These reports are the final reports we create following an ocean research expedition.  They include coral reef site descriptions, relevant data and observations, research images, ocean pictures, survey method details, and data analysis.  Please download these reports and share them freely.    

Listing Filter
  • 2012

    The Global Reef Expedition Bahamas Marine Research Activities Undertaken at: Cay Sal Bank, Great Inagua, Little Inagua, Hogsty Reef, and Andros Island - 2011

    The Khaled bin Sultan Living Oceans Foundation (KSLOF) completed three research missions in the Bahamas during 2011: Cay Sal Bank (4/26/11-5/18/11), Great Inagua, Little Inagua and Hogsty Reef (8/1/11-8/24/11) and Andros Island (10/1/11-10/6/11). Research was undertaken by scientists from KSLOF, the National Coral Reef Institute (NCRI), University of Queensland, University of Miami (RSMAS), Atlantic and Gulf Rapid Reef Assessment Program (AGRRA), Florida Aquarium, University of Michigan, the Bahamas Department of Marine Resources (Fisheries), the Bahamas National Trust, the Nature Conservancy, Bahamas, and College of the Bahamas (Appendix I). Professional videographers accompanied the Science Team on the Cay Sal...

  • 2012

    Jamaica Final Report

    The Khaled bin Sultan Living Oceans Foundation (KSLOF), in partnership with The Nature Conservancy, conducted a research mission to Pedro Bank, Jamaica between March 10-20, 2012 as part of the Global Reef Expedition...

  • 2011

    Khaled bin Sultan Living Oceans Foundation 2011 Coral Reef Assessment Cay Sal Bank, Bahamas

    Bruckner, A. (2011) Khaled bin Sultan Living Oceans Foundation 2011 Coral Reef Assessment Cay Sal, April 2011. Khaled bin Sultan Living Oceans Foundation, Landover MD, 52 pp.

    The Bahamas contains three major shallow (<10 m) carbonate platforms or banks, each separated by deep ocean passages, along with a number of smaller emergent land masses. The archipelago encompasses close to 15% of all shallow water coral habitats in the Tropical Western Atlantic and contains more than 700 islands overall. It extends approximately 1600 km from the Little Bahamas Bank in the northwest to Navidad Bank in the southeast, covering an area of approximately 122,000 kmÇ (Trumbull 1988, Banks 1999, Sullivan Sealey and Bustamante 1999). It covers 6 degrees of latitude and 9 degrees of longitude, representing the largest shallow water...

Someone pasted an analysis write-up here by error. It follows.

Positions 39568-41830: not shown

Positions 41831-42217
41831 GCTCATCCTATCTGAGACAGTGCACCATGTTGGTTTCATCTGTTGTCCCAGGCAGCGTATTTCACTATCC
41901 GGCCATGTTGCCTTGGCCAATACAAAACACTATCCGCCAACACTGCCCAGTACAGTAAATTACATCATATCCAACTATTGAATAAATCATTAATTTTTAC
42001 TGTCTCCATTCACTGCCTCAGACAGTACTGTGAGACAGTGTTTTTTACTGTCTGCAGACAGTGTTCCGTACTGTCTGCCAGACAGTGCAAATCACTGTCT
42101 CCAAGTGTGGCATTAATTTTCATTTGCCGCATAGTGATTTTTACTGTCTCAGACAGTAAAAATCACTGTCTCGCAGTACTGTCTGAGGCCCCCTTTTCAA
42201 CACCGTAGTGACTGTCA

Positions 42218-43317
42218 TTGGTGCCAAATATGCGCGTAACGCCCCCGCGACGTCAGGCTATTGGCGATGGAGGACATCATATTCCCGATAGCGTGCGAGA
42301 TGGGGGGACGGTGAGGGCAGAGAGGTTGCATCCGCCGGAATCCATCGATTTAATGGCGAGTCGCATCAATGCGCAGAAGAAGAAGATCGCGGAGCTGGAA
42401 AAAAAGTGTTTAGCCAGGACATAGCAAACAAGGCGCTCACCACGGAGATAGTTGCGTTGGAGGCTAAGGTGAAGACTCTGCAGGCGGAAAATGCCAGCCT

• 2010

    Terrestrial and Marine Ecology of Etoile, Amirantes, Seychelles

    The Amirantes group, Seychelles, comprises 24 islands and islets lying between 5° and 6° south of the equator on the Amirantes Bank, western Indian Ocean. The islands were discovered by the Portuguese navigator Vasco de Gama on his second voyage to India in 1502, soon after acceding to the rank of Admiral, and the islands were subsequently named Ilhas do Almirante or Admiral’s Islands (Lionnet, 1970). The group extends over a distance of 138 km, from African Banks in the north to Desnoeufs in the south. Etoile is one of the two sand cays which rises up from the Banc de la Boudeuse...

  • 2010

    Field Guide to Western Atlantic Coral Diseases

    Western Atlantic Coral Disease Identification Field Guide uses standardized nomenclature and diagnostic criteria for coral diseases developed by the Coral Disease and Health Consortium (CDHC). This involves a three-tiered approach to naming diseases and a decision tree that would help unify disease names. Through application of a series of steps, a researcher can determine a common field name for a disease which can be further refined based on a morphologic diagnosis and an etiologic diagnosis. This is based on techniques applied to the study of other terrestrial and marine animal diseases that include 1) detection of disease, 2) description...

  • 2010

    Field Guide to Western Atlantic Stony Corals

    This Field Guide to Western Atlantic Stony Corals is a compilation of photographs of the dominant scleractinian and hydrozoan corals observed on reefs throughout the region. Depending on taxonomic sources, between 65‐75 species have been identified. This guide identifies all known genera and the 49 dominant coral species common throughout shallow Caribbean reefs. Rare coral species are not included. Taxa that have been divided into multiple species (e.g. Colpophyllia, Meandrina, Dichocoenia, Agaricia agaricites, Stephanocoenia) are reported as single species due to taxonomic uncertainty. Common names appearing in this guide follow the nomenclature used in Reef Coral Identification (Humann and Deloach 2002). Whenever possible, taxa with similar growth forms or corallite arrangements are placed together to facilitate identification.

  • 2006

    Khaled bin Sultan Living Oceans Foundation Five Year Anthology

    The Living Oceans Foundation is dedicated to conservation and restoration of living oceans and pledges to champion their preservation through research, education and a commitment to Science Without Borders®.